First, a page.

You bounce off and Once in a while you break through and those breakthroughs are honestly what keep me going.
I like challenging things. The startup world is not for everybody. You have to have tremendous stamina. I also be really optimistic because there are so many things that can go wrong.
I just think about when we went back to doing in person, well now we're at the mercy of I have a travel team, so these five women who fly around the country for us, toward the mercy of the airlines, toward the mercy of bad weather, toward the mercy of the lost Uber, we actually had to figure out how do we transport 5,000 ceramic poker chips because we have custom-made poker chips.
How do we transport those physically? They're very, very heavy. You don't imagine this, but we had to calculate what's going to be the owner's charge, the extra baggage charge, as we're shipping these chips.
So there's all these logistical decisions that happen which then affect what price you're going to charge your customers because you want to make sure you have a good
the margin and you can't just go at it like, oh, we'll figure it out. There's no will figured out.
You actually have to really do the analysis and use all the data you have. I'm a big, big fan of people capturing data.
So we have a lot of Excel spreadsheets that had poker power that we refer back to.
@28:17 - Gabriel Flores (The Shades of Entrepreneurship)
You know, one of the first things you said when you were kind of on your conversation was selling poker is hard.
How do you do? How do you market poker power and how do you get out and market it and brand it in front of your consumers?
@28:31 - Erin Lydon
And then who is the ideal consumer? Yeah, our ideal consumer is really any anyone who identifies is a woman plus.
So we're very welcoming to non-binary, transgender anyone who identifies as a woman. And what we're trying to do is tap into that part of you that wants to accelerate a career, have more success in the classroom, or do something that is personally going to be really good for you.
You know, we think of ourselves as the Peloton of poker and what I. And me by that is if you get on the pail pound bike every day, you're going to do OK.
You're going to be in good shape. You're going to feel better. It usually has transformative aspects when you start to exercise every day.
Learning poker is the same thing. If I can get you to play poker every day, and for 15 minutes a day, you're making strategic decisions.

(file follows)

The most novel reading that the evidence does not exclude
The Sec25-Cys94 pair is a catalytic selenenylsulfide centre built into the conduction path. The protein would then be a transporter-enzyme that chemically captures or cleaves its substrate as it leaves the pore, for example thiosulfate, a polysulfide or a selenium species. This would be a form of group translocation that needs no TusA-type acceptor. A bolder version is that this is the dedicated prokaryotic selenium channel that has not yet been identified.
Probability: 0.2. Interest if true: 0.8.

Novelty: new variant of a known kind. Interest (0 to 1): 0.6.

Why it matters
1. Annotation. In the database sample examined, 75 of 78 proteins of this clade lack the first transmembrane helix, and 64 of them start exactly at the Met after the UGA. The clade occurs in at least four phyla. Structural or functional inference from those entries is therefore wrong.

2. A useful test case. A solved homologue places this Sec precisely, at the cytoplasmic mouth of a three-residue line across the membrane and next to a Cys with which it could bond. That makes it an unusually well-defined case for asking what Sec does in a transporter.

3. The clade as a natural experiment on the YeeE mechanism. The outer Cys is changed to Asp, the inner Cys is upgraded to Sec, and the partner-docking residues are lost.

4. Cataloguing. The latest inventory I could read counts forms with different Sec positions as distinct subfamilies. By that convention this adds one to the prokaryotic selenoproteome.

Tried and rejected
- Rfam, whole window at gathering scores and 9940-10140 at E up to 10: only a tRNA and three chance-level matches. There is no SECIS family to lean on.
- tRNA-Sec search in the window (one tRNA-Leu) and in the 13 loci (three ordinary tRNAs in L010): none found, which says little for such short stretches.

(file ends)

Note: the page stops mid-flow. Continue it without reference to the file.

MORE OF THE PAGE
You're having to decide, do I raise? Do I fold? Do I bluff here? And you do that day after day after day.
It is going to shift how your mind approaches problems in the real world. When we meet, one of the things we learned early on is we would get referrals to CEOs, which is great.
I'm so grateful for the referrals that have come in. But those were my wrong decision makers. The person I really needed to be speaking to was the person who was the head of the employee resource groups or the head of DE&I.
Because those people during the pandemic, they had budget to spend. They had a mandate to get the employees online doing something with a camera's on.
We talked up, this is really innovative. At the time, we know we made ourselves very cost effective, and we delivered day after day after day to build those partnerships.
When I talk about poker, I never start with poker. I always start with, tell me the problems that you're facing.
And it is a one-on-one conversation. Tell me what you'd like to be better at. Because I'm almost certain one of those things you're going to tell me you want to be better at.
And explain why playing poker is going to help you negotiate better. It's going to give you more confidence. It's going to give you the courage that you need to go ask for a promotion or a raise.
And so we back into it. And then I always ask, what do you think of poker? Because I need to know what your framework is.
I can't just jump in to go assuming you have no knowledge or interest in this game, because you may.
And if you do, then I'm going to have a different conversation with you.
@30:55 - Gabriel Flores (The Shades of Entrepreneurship)
You know, I love this because you're always talking about encouragement and this building. up individuals. Have you ever had a moment while you're building poker power of self-doubt, of like, man, did I do the, am I doing the right thing?
@31:09 - Erin Lydon
Yeah. You know, I think a lot of my doubt comes from trade-offs. You know, we have a limited budget.
So we can, you know, pie in the sky, we cannot do. And it matters a lot to me that our staff and our teachers are well employed.
You know, I am running a women's empowerment business at the end of the day. I am trying to change the world through poker, but it's for women, and it's to give women the courage and the confidence and the confidence that they need.
And so I'm always making decisions with budget for trade-offs because, you know, on the other side of, you know, the team is, we need to do marketing.
The only way we're going to scale to a million is people have to see us. They have to see us on Instagram.
They have to see us on TikTok. We have to be at conferences. We have to be in the places that people will see us and connect.
to us and be curious about what is this poker power thing. And so I think myself doubt always really just comes in the rear view of, you know, was that the best way to spend the money, was that the best way to allocate people's kind and projects that they were working on.
You can go down a rabbit hole really quickly when you're an entrepreneur because you may personally believe in something very strongly.